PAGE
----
Thursday, August 11, 2005

We have been watching...

For one reason or another, J and I have been watching a lot of DVDs this year and have worked our way through any number of whole TV series, alternating between the more modern things that she likes and series from the seventies that I try and convince her she'll enjoy.

Looking back, I don't think that there's been anything which hasn't been at least enjoyable and several which turned out to be unexpectedly high quality.

We started off by watching all of Buffy the Vampire Slayer (which started off being my suggestion but the appearance of David Boreanaz as Angel soon caught J's attention). Like its spin-off, Angel, which we watched straight afterwards, it's a series which ebbs and flows in quality from season to season whilst still retaining the ability to throw up episodes of isolated brilliance fairly regularly. My main problem with the series though is an obvious one - plot resolutions tend to be enormously simplistic, side-step previously established monster characteristics with less than stellar justification or simply rely on a deus ex machina to help the Scooby Gang out.

The main players are all appealing enough and each has a reasonable character arc over the course of the show's seven seasons (although Xander's swift progress from useless unemployable to master carpenter is as annoying here as Phoebe's elevation to star journalist in Charmed). The doomed romance between Willow and Tara is particularly well done and emotionally satisfying and leads to the best sustained period in the show, during which Dark Willow takes over and wreaks havoc on her erstwhile friends. Actually, the central concept underlying the series - how the young approach and handle loss and death - is satisfyingly handled throughout.

BtVS is probably the weakest of Joss Wheedon's three main TV series (the other being the magnificent Firefly), but it remains one of the highlights of late nineties TV.

After Angel (J's pick) it's time for a spot of seventies nostalgia and When the Boat Comes In, starring James Bolam as former WWI soldier Jack Ford, now demobbed and looking to make his way in the world. To be honest, the first three seasons of WtBCI are pretty standard fayre. It makes a pleasant change to have a hero in British TV of the period who wasn't from London, the performances are all excellent and the writing in the main stays away from overt sentimentality. The plots are engaging and well thought out and Ford's interaction with the working-class Seaton family on the one hand and assorted aristocrats and factory owners on the other makes for fascinating viewing.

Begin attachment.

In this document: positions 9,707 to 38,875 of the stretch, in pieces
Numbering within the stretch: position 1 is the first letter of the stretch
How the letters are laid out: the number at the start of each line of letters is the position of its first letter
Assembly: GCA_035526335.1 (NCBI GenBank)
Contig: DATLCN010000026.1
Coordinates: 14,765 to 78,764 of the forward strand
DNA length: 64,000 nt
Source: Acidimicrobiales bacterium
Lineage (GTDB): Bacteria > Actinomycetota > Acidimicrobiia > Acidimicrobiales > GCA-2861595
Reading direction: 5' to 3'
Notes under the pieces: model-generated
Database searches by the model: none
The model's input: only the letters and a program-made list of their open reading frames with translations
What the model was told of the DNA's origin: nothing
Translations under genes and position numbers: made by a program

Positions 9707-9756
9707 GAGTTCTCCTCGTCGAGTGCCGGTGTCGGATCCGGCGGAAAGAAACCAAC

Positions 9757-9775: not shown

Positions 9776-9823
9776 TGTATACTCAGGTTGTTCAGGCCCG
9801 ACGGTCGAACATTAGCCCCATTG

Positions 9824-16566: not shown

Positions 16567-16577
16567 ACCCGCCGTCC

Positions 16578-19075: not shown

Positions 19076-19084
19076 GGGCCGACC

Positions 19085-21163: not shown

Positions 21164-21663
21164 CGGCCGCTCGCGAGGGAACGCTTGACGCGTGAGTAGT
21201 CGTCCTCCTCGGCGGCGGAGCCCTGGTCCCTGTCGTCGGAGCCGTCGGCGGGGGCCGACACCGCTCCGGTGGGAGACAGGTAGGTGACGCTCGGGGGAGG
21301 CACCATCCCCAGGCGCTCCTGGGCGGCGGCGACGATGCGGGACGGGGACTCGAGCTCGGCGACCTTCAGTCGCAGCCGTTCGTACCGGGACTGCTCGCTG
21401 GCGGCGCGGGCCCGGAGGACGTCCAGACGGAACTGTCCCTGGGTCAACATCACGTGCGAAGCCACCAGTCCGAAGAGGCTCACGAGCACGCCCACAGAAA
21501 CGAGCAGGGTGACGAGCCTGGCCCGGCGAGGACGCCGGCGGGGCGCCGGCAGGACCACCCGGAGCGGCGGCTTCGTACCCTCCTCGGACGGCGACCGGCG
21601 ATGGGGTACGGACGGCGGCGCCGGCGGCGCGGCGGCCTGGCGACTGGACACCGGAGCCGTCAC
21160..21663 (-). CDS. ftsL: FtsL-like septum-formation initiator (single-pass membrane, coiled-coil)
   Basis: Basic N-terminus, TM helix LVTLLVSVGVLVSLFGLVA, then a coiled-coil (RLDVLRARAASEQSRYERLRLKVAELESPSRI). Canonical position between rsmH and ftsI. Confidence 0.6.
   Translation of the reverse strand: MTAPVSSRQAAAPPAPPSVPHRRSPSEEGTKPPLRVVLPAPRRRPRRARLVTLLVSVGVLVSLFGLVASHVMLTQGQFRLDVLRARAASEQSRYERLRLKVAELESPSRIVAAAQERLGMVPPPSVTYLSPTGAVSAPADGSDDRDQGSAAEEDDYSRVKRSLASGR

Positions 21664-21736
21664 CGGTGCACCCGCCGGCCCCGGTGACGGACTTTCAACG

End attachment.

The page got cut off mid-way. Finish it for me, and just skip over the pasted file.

If there was a single flaw in the make-up of the show, it was that Jack Ford, although ostensibly the central character of the programme, served as much as catalyst or saviour for the Seatons as he did anything else, and everything he did was touched in some way by the extended Seaton family.

By the end of the third season, though, it was fairly clear that the series' creator, James Mitchell, was growing disenchanted with the Seatons (see, for example, the swift removal of Jessie to Kent or the restoration of Bill Seaton's ability to walk) and when that season came to a close with Ford off to prohibition America and the whole Seaton clan seemingly happily settled, it appeared that Mitchell had said all he had to say.

Then, in 1981, WtBCi returned.

At the centre of the fourth series is an astonishing performance by James Bolam as Jack Ford, now returned from America after a six year absence. That Mitchell has warped the established character of Jack is obvious from the first - where once he was always immaculately turned out, now Ford lies half-drunk, unshaven and poorly dressed in a corner of the cargo hold of a tramp steamer. Having lost all of his money in the Wall Street Crash of 1929 and fled the States with the Mob on his tail, the immediate expectation is that the series will start up where it left off, with Ford returning to Gallowshields and the Seaton family.

And yet it does no such thing. The cosy and familiar is eschewed for what is, in essence, a completely different series. The elder Seatons are never mentioned again; Jack's two erstwhile best friends are conspicuous by their absence (Tom Seaton merits one passing acknowledgement, Matt Headley has drowned); even long-time enemies like Sir Horace Manners are missing.

Even without being told it's clear that time has passed, and the lack of familiar faces makes the first couple of episodes edgy and lacking in obvious direction. As the season progresses this edginess becomes ever more apparent as Jack swiftly moves from a small beer scheme to get himself a bit of working capital (and leave Matt's widow comfortably off) to moving to London and mixing in the best Society circles.

Time moves erratically (years pass between individual episodes), lovers and friends appear and disappear without explanation and, as the series as a whole begins to wind down, the passage of Ford's personal time is marked by the re-appearance of familiar faces from earlier series. Most tellingly, Lady Caroline, Jack's one time lover from the second series, is a respectable married woman with children who clearly views the older Jack with concerned affection. His drinking becomes increasingly constant as he feels the world slipping away from him and in the best scene in the entire series, his one-time never-fail chat up line (relating the tale of how his Captain died in his arms at the Somme) is a disaster when tried out on a new generation for whom the Great War isn't even a memory.

In the end, Ford is destroyed by a woman from his past and, in an ending as unexpected and bleak as that to Sapphire and Steel or Blakes 7, dies unpleasantly and needlessly at the side of a road, victim of his desire to help his old friends one more time.


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